At first glance, Kellner’s photographs are reminiscent of Czech Cubist architecture. Kellner was in fact directly inspired by Cubism – he refers to Delaunay’s experiments in painting, as for example in his decomposition of the colors and forms of the Eiffel Tower. We may compare Delaunay’s portrayal, Tour Eiffel (1910-1912), with Kellner’s 1997 photograph. Delaunay treats the subject more freely – he portrays the tower in red, picking out decorative details which he then elaborates on, without sticking to reality in any exact way: he observes it only so far as to render the Eiffel Tower reconizeable. Keller, who photographs in the traditional medium, is limited by the real colors available (although he opts for black and white material), and his tower rides into three crests. In 1910 Delaunay painted a building erected only recently, which was then the epitome of modern life; today, Kellner photographs a symbol of tourism in Paris. Delaunay worked with the most progressive artistic method of his day, looking at reality in a way radically different from that of painting previously; Kellner’s photographs may be viewed as symbols of the relative nature of all values today.
One may also be tempted to compare Kellner’s “Cubist” manipulated work with actual Cubist architecture, a rarity even within Czech Cubism. (Kellner intends to photograph the tourist attractions of Prague as well – it strikes me in this regard that if he selected as his subject for instance the Chochola villa in the Vyšehrad area, the Cubist principle of decomposition of forms when applied in his photographs would be raised to a higher power). Cubism in architecture, in keeping with the theories of Pavel Janák, employed a system of slanting geometric surfaces, which lent the facades of buildings thus treated a certain dynamism. If we look at the Cubist streetlamp on the piazza in front of the entrance of the cemetery of the Church of Our Lady of the Snows in Prague (designed by Emil Králícek) and at Kellner’s photograph of the Brandenburg Gate, we perceive that in both cases the pillar appears nearly identical. All buildings in Kellner’s camera turn into dynamic structures, most of them acquiring a more Modernist mien – contemporary trends in architecture tend in favor of dramatic, organic structures, as exemplified for instance by the work of Frank Gehry.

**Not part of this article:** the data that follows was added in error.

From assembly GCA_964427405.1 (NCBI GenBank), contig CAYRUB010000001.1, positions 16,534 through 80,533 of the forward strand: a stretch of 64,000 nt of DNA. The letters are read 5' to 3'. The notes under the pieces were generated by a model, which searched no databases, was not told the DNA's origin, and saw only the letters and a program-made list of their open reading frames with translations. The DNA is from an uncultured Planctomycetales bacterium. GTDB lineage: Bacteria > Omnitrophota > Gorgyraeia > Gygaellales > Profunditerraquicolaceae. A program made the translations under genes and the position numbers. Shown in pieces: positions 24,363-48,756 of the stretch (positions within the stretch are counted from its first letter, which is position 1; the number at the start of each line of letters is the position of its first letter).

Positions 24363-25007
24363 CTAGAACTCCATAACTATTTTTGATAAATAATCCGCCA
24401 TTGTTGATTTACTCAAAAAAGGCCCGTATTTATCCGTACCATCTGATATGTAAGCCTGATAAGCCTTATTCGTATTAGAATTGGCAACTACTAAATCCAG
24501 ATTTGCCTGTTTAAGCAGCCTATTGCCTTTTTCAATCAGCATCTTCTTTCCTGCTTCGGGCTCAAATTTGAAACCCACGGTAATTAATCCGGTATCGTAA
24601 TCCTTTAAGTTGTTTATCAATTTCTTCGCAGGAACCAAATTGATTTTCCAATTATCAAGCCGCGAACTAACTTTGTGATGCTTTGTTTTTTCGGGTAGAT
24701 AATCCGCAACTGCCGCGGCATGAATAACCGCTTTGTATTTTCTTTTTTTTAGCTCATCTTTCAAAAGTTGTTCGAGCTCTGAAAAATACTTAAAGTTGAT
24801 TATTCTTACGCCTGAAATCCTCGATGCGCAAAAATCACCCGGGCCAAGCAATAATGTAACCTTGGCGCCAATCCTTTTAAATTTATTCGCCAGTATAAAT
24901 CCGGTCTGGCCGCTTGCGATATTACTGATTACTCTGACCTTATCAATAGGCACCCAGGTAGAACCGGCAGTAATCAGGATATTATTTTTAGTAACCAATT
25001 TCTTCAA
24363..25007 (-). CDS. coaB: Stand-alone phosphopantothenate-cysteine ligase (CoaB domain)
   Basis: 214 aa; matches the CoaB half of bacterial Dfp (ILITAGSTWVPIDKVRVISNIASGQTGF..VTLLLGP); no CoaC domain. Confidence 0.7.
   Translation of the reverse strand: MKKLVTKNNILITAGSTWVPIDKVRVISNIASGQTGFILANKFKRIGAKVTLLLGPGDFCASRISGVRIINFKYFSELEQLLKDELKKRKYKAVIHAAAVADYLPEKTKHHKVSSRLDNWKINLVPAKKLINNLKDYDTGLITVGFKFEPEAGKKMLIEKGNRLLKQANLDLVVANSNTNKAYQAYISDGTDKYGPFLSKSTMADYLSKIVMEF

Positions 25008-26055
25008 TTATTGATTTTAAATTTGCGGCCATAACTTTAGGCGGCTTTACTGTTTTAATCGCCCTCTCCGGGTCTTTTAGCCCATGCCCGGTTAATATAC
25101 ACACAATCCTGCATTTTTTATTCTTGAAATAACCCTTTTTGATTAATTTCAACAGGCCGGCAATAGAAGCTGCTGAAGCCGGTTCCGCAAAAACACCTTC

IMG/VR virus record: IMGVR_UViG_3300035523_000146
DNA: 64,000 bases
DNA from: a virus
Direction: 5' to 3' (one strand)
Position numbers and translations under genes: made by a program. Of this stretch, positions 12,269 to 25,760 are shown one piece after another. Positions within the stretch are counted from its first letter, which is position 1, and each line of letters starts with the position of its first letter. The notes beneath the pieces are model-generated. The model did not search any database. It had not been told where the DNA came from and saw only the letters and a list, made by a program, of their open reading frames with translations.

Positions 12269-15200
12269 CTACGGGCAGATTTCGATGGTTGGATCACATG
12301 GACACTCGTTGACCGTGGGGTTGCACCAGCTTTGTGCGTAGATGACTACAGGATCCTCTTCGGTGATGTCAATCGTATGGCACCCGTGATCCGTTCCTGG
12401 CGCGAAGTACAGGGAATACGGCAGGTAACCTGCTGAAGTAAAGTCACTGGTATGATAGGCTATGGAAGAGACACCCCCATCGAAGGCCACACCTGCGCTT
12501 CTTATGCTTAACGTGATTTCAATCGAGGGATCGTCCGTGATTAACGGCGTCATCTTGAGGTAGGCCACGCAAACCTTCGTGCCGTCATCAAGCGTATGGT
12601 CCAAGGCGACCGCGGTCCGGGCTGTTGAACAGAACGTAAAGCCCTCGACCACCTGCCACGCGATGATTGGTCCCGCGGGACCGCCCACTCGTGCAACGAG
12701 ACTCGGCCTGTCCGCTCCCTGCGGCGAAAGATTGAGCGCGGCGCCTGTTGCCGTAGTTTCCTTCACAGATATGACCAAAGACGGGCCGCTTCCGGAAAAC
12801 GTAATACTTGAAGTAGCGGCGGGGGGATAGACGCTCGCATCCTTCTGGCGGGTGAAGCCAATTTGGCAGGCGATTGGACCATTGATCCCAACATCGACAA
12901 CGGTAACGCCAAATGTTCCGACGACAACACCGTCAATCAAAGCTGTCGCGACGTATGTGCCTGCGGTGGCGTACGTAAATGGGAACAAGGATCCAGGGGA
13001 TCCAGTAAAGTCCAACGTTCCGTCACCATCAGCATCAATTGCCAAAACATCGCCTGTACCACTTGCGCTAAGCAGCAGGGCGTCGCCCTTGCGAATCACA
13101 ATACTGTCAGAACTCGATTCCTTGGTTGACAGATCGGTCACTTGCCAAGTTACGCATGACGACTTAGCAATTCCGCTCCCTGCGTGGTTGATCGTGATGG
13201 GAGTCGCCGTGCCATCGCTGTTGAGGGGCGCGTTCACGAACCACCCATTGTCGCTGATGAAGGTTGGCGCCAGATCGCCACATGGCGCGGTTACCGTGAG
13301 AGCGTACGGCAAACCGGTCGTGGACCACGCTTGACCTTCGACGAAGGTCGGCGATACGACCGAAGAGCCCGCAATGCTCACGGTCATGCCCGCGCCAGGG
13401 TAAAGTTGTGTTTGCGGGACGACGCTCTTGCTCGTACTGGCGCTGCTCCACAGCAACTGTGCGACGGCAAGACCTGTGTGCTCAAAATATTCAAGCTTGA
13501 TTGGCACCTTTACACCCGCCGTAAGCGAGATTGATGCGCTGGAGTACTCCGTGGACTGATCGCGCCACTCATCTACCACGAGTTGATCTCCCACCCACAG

Kellner has always been interested in experimental and conceptual photography: when experimenting with a number of time-honored techniques (planography, salt paper process), apart from a strong visuality he is also always in pursuit of the content of the image (in the years 1989 – 1996 he studied sociology, political science, economy and the arts at the University in Siegen, training for a career as a secondary school teacher of the humanities and visual arts). The theme of his diploma work was a documentation of the six thousand kilometer long West German border. In his project Facades (2004) he achieved an abstract effect by planting some of the buildings in urban surroundings in startling sizes and with an irritating heterogeneousness of pixels. Yet another method of dematerialization… We will see what other themes architecture will dance to in his rendition.
Dagmar Mazancová, June 2007
Mazancová, D., 2007. Portfolio. Thomas Kellner. In: Fotograf. Architecture No. 9, Volume 6, 2007, pp. 62-71.